One of the great challenges faced by anyone in a position of leadership is the constant struggle of loving people in all their brokenness without loving the things that make them broken. It is an uncomfortable position to be in. It is difficult to love people while holding them accountable for their actions. Parents, teachers, supervisors, and counselors live in the midst of this struggle every single day.
Nowhere is this struggle more visible than in the Church. Nowhere do the twin challenges of love and accountability come crashing together with more gravity than in local congregations.
Finding a faithful parish is difficult. Being a faithful parish is hard work. Conservative churches tend to err on the side of rejecting those who persist in sin, even those who struggle mightily against their desires. Progressive churches tend to err on the side of rejecting the idea of sin, especially those acts embraced by the culture around them. Faithful churches are messy places where sin and grace crash together day after day after day. They are mighty battlefields between faith and the flesh, between God and the Devil, between the new creation and the old.
How can we be faithful?
First, let's admit that faithfulness to Christ (in this area and many others) is easier said than done. While we must talk about things like this in the sterile environment of Sunday School, we must live them out in the muck and mud of the real world. Such is the reality of bearing our crosses and following Christ.
Second, let's admit that everyone in our congregation is a broken sinner, you and me included. Resist the temptation to think of struggling sinners as 'them' instead of 'us.' Everyone has situations that tempt them, desires that derail them, and sins that they struggle with. From anger to gossip to infidelity to coldness of heart to dishonesty to (fill in the blank), no one is immune and no one has reached perfection (sorry, like I've said, I think Wesley made a mistake on entire sanctification).
Third, let's call a sin a sin. If you've hung in this long, you know that I don't think we have the authority to decide whether or not the things Scripture calls sin can be considered anything else but sin. To try and do so usurps God's authority and is a repeat of Genesis 3. Not only are the 'biggies' sinful (murder, adultery, theft, etc.) but so are the things we tend to turn a blind eye to, possibly because of our own guilt (gossip, coarse language, jealousy, selfish ambition, etc.).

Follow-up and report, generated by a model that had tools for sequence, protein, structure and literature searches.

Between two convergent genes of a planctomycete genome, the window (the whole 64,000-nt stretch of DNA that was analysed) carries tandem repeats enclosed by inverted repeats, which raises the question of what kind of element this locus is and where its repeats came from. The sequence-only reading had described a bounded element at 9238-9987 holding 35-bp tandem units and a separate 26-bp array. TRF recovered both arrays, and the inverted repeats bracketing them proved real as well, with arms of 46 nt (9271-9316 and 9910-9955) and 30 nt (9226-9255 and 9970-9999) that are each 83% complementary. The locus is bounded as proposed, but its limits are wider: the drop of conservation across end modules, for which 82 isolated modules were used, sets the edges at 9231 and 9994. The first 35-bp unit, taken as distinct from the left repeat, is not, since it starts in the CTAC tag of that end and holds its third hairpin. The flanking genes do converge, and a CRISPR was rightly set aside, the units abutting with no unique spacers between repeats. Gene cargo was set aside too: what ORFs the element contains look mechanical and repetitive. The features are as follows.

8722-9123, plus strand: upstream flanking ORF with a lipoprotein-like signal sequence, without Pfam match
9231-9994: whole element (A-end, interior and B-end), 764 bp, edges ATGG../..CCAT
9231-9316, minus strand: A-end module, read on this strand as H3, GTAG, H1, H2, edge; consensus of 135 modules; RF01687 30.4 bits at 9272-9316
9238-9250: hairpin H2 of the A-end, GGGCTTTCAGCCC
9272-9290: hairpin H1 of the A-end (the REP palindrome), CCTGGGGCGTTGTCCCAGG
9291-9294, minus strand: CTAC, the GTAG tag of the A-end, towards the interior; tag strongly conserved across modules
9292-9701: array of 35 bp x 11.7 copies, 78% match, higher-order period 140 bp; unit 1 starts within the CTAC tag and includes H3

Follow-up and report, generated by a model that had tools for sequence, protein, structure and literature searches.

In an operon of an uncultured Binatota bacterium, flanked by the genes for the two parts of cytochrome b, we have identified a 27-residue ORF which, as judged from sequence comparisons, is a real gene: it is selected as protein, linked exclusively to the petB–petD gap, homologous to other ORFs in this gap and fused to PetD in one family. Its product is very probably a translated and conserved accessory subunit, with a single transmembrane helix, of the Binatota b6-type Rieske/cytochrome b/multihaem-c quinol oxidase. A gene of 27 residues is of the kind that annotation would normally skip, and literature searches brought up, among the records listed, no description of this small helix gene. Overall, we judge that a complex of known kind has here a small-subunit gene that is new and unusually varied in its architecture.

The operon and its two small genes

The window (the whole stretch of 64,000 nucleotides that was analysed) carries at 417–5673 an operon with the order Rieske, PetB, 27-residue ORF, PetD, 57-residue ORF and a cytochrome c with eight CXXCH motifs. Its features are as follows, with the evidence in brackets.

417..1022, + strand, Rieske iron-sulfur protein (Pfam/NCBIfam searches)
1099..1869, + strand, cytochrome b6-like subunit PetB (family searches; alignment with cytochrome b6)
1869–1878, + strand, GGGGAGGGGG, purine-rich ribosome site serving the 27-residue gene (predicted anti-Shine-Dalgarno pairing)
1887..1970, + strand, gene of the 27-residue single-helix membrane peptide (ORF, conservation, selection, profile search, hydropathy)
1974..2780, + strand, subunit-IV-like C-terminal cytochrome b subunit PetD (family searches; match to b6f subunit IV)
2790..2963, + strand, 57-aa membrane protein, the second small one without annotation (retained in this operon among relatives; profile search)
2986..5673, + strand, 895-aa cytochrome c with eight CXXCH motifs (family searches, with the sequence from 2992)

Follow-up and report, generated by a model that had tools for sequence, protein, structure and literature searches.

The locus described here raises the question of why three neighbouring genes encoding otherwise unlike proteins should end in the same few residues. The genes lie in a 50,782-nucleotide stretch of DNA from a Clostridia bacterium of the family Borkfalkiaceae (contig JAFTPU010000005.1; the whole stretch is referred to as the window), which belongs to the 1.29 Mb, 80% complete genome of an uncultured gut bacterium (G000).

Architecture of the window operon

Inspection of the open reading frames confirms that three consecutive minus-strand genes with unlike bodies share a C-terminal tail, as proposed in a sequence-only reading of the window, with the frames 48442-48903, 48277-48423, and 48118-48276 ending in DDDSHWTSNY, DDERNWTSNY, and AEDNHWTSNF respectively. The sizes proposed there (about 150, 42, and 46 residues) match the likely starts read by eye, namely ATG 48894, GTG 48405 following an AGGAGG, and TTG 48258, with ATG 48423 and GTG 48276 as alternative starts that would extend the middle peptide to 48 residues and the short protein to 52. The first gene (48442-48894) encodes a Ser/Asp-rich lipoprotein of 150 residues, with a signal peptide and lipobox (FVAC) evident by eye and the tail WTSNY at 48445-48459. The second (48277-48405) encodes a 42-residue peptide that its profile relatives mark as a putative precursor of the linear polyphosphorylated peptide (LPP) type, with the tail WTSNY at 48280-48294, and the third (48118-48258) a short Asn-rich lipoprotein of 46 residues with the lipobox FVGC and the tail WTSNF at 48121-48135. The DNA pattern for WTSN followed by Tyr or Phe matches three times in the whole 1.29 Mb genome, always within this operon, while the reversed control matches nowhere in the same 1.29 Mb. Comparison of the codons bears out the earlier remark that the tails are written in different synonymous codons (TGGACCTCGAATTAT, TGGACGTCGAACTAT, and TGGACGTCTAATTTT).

Fourth, let's recognize that our sin is not who we are but what we wrestle against. We are sinners by virtue of our thoughts, words, and deeds. All of us. While we may be tempted to think that a certain besetting sin defines us as who we are, Scripture says otherwise. After the list of sins St. Paul catalogs in 1 Cor 6, he writes these amazing words. "And such were some of you. But you were washed, but you were sanctified, but you were justified in the name of the Lord Jesus and by the Spirit of our God" (1 Cor 6.11 NKJV). In other words, those sins that were put off by the believers in Corinth do not define who they are...it's Satan who tries to persuade us otherwise.
Fifth, let's remember that Scripture never commands us to cut off those in the midst of the struggle with sin, only those who no longer care to fight. Jesus blasts the Pharisees who proudly persist in their sin. Paul commands the church to not have fellowship with those who claim the name of Christ but willfully continue in sin. The pattern in Scripture is pretty clear--we have the utmost compassion on those who struggle with sin but do not tolerate among us those who persist in their sin with no remorse, contrition, or attempts to live otherwise.
Here is where we love sinners without loving their sin. These two types of people are worlds apart. We know people who fall into each category. We have most likely found ourselves in each of these places at various times in our lives. The first people are crushed by their sin and in desperate need of the soothing balm of the Gospel--that Christ Jesus died for them that they might be forgiven and not come into condemnation. The second are hardened in their sin, failing even to admit that what they are doing is sinful. This group needs to be reminded of their sin and the judgment that awaits them lest they stop resisting the conviction of the Holy Spirit and repent. Is this an easy row to hoe? No. But it is at the very core of what it means to be the church of Christ in the midst of a sinful world.